UK open for business?

Published:  16 September, 2015

George Osborne said 18 months ago that he wanted Britain to ‘win the race to the top’. Indeed a very bold statement, but 18 months down the line and after subsequent rhetoric from his fellow ministers (especially the Home Secretary, Theresa May), it is clear, in my opinion, that there is an obvious lack of coherent policy that gives genuine foresight into the needs of business in relation to the long term skill shortages of UK industry. The reality of the situation has become so acute that you now really have to begin to question exactly how this Government hopes to achieve this aim.

Calls from business leaders, including the CBI, to keep Britain open for business by recruiting from overseas where necessary, have fallen on deaf ears. The Government is seemingly now pursuing policy dictated by to a large extent by members of the Conservative right, rather than what is actually good for business and the economy as a whole.

The UK government’s own ‘Shortage Occupation List’ for visa applications, drawn up by the Home Office, lists demand for 26 occupations that require STEM-skilled people – three quarters of the total. This list shows, to name but a few, that the UK urgently needs to recruit from overseas for engineers in the oil and gas industry, aerospace, nuclear waste disposal, railway signalling and automotive industries.

But evidence shows that people are being put off the UK or, at least, attracted elsewhere. ‘Paying its way’, a Special Report in the Economist highlights that Chinese students are flocking to universities in the USA and Australia, compared to ten years ago when they were as likely to study in the UK as the USA. The number of visas granted to Indians has fallen by over a half since 2010, which is concerning when you consider that UK accounts for about a quarter of India’s outbound Foreign Direct Investment. Elsewhere, universities report falling numbers of overseas students and international graduates report problems in staying in UK high-skilled jobs after university.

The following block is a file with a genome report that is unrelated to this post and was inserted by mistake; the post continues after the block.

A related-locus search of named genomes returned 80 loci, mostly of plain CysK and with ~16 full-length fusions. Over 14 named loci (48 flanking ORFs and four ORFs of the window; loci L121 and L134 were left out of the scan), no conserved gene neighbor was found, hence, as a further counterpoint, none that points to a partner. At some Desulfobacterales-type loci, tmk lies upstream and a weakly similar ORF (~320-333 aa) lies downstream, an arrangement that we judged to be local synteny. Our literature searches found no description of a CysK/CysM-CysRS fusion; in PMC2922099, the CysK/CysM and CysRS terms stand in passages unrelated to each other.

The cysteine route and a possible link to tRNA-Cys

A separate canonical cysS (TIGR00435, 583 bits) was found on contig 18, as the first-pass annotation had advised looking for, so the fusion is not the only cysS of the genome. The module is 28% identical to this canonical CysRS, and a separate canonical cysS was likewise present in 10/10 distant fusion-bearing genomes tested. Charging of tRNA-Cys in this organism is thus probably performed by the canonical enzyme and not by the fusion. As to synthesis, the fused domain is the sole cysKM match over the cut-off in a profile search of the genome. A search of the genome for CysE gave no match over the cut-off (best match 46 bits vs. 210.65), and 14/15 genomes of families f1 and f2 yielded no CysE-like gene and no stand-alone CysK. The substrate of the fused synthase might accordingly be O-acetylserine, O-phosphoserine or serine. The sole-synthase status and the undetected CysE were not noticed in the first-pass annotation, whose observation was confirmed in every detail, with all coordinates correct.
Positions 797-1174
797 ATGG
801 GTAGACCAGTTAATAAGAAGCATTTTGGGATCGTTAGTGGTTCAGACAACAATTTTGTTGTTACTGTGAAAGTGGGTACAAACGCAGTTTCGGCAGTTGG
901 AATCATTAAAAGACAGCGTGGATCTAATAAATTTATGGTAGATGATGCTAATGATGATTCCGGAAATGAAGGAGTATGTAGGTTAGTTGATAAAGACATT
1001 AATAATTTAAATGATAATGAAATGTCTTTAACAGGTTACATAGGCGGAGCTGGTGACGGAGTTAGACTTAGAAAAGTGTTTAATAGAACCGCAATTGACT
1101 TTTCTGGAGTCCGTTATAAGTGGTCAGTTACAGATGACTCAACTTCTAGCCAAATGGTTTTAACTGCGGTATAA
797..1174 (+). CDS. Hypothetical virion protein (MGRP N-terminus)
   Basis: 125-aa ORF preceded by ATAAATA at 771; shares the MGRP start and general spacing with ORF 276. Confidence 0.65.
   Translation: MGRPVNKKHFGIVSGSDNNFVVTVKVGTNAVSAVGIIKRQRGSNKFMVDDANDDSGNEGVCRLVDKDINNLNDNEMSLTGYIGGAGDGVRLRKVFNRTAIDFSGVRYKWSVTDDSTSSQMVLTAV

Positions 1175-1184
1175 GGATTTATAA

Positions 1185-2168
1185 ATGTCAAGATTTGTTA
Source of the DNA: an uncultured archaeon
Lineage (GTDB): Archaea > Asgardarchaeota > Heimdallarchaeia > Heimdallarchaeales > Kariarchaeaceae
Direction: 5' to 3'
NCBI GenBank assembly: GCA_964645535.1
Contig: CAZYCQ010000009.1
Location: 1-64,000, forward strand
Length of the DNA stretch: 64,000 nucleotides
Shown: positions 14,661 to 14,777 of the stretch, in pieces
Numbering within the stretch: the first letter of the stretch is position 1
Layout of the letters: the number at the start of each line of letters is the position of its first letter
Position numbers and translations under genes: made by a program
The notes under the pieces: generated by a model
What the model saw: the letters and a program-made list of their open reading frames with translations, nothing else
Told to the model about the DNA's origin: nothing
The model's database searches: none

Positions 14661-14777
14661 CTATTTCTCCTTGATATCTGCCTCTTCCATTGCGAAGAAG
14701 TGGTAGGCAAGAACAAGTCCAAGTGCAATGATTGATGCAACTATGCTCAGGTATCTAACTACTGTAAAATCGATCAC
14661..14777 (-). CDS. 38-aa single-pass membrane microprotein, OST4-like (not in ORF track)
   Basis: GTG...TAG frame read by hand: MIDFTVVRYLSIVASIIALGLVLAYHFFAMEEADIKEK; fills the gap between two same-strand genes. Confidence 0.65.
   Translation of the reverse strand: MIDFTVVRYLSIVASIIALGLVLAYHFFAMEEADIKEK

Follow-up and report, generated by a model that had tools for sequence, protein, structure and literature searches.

As CaSE director, Dr Sarah Main said earlier this year, to turn away the best simply as a means to reduce a bottom line migration number would be madness. A policy that closes the door to them would shut out more talent than we could ever keep in.

This situation belies sound economics, and it is becoming dangerously obvious. In London alone, more than half of businesses fear they will not be able to recruit enough high-skilled workers to succeed in the future, according to the 2015 CBI/Pearson Education and Skills Survey.

This year’s UK-wide survey, which included 143 firms which employ people in London - found that 66% of firms in London need more highly skilled staff, particularly in key sectors such as science and engineering, construction and manufacturing. But 48% are not confident that they will be able to find the high-level skills needed to meet demand and grow. Businesses are already reporting real problems in recruiting people with science, technology, engineering and maths (STEM) skills – with 19% currently struggling to employ graduates with sufficient STEM skills.

The continuing hostility towards migration from within the EU is also likely to have a growing impact. The recent comments by the Home Secretary, Theresa May on the EU principle of Freedom of Movement of Workers, suggesting that people from within the EU would need to find a job before coming to the UK has been greeted with concern.

John Cridland, CBI director-general, said: “The evidence shows that the vast majority of people coming from the EU to the UK come to work and benefit our economy…the system must be about freedom to work, not for the minority who do not contribute, so the Government should continue to work with our European partners to make sure the rules are fit for purpose for everyone.

“We'd be concerned if EU workers had to be hired for a job before coming to the UK though, as this would cause issues for firms without the capacity to advertise and recruit across the whole of Europe."

Like CaSE director, Dr Sarah Main said last year, we need to ensure we are pulling through enough STEM-skilled people into the workforce by increasing the pool of our own home-grown talent and by making sure the door is open to attract talent from abroad. Indeed both UK companies and those wishing to invest in Britain, want the flexibility to recruit specialists from around the world and they want to be reassured they can do that easily in the UK.

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